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Fast Track Foreclosure Process in Cyprus and Available Remedies.

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Fast Track Foreclosure Process in Cyprus and Available Remedies.

The Amendment of the Transfer and Mortgage of Immovable Property Law which took effect on the 13th of July 2018 marked a significant turning point for the process of foreclosures in Cyprus as it provided the legal framework for fast track private sale of mortgaged property whilst restricting the borrower’s ability to suspend or discontinue the sale of their mortgaged property.

Remarkably, the amendment of the law stipulates that its provisions apply in every case/proceeding of a contract mortgage, registered at the Land and Surveys department, before or after the date of entry into force of the present Law. Hence, it becomes clear that the amended law is to be applied retrospectively (including both new and existing proceedings) regardless if their proceedings commenced prior to the 13th of July 2018.

The safeguard of Borrowers against foreclosure proceedings is the filing of an appeal against the announced foreclosure, asking the Court to suspend the said foreclosure proceedings. However, there is a substantial differentiation which has been brought about by the amendment of July 2018. Previously, the law provided that one of the grounds for filing an appeal against the foreclosure proceedings was the existence of a pending civil action against the mortgaged debt. Therefore, the borrower could protect his mortgaged property from foreclosure by filing a civil action challenging the mortgaged debt. In the cases where the bank had already filed a civil action against the borrower regarding the mortgaged property, the borrower could file a counterclaim challenging the banks claim and this would in turn satisfy the grounds for filing an appeal against the foreclosure proceedings.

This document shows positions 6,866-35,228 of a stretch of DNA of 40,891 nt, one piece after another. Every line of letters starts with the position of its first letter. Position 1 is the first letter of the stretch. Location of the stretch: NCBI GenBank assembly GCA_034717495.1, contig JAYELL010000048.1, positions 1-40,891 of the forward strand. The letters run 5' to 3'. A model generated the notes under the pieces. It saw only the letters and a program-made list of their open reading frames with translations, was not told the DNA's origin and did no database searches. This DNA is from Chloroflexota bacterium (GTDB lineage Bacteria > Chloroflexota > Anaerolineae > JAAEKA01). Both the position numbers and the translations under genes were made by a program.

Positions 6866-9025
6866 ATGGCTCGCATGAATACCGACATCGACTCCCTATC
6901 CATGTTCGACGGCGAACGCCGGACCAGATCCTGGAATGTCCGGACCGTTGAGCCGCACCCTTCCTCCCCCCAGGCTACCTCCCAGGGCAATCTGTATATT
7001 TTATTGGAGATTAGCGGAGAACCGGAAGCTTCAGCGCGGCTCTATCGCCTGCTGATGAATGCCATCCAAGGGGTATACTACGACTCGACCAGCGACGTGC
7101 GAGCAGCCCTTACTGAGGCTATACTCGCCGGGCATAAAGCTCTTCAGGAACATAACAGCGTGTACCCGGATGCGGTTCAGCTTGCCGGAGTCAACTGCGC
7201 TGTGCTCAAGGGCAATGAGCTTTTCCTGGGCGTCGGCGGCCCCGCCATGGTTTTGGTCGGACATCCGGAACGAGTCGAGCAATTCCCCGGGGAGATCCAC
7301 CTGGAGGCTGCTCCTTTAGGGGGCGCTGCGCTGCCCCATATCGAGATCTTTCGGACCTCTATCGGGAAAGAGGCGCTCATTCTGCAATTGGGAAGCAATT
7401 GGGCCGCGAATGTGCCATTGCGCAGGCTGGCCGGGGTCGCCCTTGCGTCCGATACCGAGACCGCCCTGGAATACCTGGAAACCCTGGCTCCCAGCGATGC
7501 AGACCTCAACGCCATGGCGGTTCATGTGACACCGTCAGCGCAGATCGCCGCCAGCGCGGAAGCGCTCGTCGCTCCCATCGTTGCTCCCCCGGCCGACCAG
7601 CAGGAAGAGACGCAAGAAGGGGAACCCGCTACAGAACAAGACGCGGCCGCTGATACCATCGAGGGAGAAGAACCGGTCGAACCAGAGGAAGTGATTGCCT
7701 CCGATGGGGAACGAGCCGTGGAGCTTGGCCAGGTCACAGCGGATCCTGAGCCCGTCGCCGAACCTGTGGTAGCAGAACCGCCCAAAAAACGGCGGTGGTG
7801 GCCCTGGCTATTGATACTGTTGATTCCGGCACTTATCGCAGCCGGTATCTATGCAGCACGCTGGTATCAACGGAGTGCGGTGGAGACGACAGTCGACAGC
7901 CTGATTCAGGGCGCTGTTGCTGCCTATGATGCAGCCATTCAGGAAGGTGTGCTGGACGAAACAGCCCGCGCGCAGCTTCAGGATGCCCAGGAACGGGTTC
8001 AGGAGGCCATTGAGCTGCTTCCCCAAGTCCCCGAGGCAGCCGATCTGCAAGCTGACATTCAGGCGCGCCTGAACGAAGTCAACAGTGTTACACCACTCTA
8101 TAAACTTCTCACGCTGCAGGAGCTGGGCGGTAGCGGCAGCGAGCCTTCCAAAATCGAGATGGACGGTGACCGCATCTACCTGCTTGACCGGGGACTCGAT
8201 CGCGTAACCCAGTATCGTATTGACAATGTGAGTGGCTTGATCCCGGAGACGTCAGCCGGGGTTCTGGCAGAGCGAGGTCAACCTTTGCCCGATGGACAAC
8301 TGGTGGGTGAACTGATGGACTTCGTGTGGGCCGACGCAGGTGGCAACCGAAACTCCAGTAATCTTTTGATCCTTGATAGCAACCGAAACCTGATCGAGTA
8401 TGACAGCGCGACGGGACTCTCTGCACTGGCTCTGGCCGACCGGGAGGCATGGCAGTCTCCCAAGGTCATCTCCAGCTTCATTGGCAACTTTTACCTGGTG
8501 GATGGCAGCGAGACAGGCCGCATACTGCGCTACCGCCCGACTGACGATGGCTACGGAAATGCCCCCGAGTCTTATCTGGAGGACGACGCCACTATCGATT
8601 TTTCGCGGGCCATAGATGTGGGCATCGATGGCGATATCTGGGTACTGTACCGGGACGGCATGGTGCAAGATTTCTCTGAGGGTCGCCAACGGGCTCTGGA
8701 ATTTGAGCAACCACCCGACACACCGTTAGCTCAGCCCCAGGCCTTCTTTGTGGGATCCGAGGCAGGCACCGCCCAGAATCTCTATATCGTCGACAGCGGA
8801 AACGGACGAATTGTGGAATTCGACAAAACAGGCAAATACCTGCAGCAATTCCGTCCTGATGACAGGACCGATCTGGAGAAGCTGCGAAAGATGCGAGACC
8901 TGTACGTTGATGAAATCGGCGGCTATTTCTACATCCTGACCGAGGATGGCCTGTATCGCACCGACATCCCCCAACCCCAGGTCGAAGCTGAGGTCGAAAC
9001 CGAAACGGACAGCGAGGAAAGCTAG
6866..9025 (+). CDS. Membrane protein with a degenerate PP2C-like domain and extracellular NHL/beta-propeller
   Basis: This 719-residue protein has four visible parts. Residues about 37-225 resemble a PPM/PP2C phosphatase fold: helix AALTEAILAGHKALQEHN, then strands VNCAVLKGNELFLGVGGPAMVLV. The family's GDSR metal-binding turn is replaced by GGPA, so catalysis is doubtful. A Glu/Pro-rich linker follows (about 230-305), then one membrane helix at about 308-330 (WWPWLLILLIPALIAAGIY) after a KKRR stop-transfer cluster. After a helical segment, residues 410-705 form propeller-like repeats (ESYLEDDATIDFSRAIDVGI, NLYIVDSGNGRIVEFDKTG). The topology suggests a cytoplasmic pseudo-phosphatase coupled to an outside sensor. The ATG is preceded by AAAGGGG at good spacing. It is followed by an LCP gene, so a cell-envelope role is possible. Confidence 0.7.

In turn, this meant that the banks faced significant delay as they often had to wait for the adjudication of the pending civil action before proceeding with foreclosure and many borrowers strategically filed civil actions and counterclaims challenging the mortgaged debt in order to gain time and evade foreclosure proceedings.

In an attempt to nullify this safeguard which had led to floodgates of civil actions concerning nonperforming loans and mortgaged debts, the amendment of July 2018 was introduced to provide speed and efficacy for the Mortgage Creditors. As a result, the amendment of the law on July 2018, abolished the borrowers right to file an appeal against the foreclosure process on the grounds of the existence of a pending civil action regarding the mortgaged debt.

On which grounds can a borrower file an appeal to suspend the foreclosure proceedings?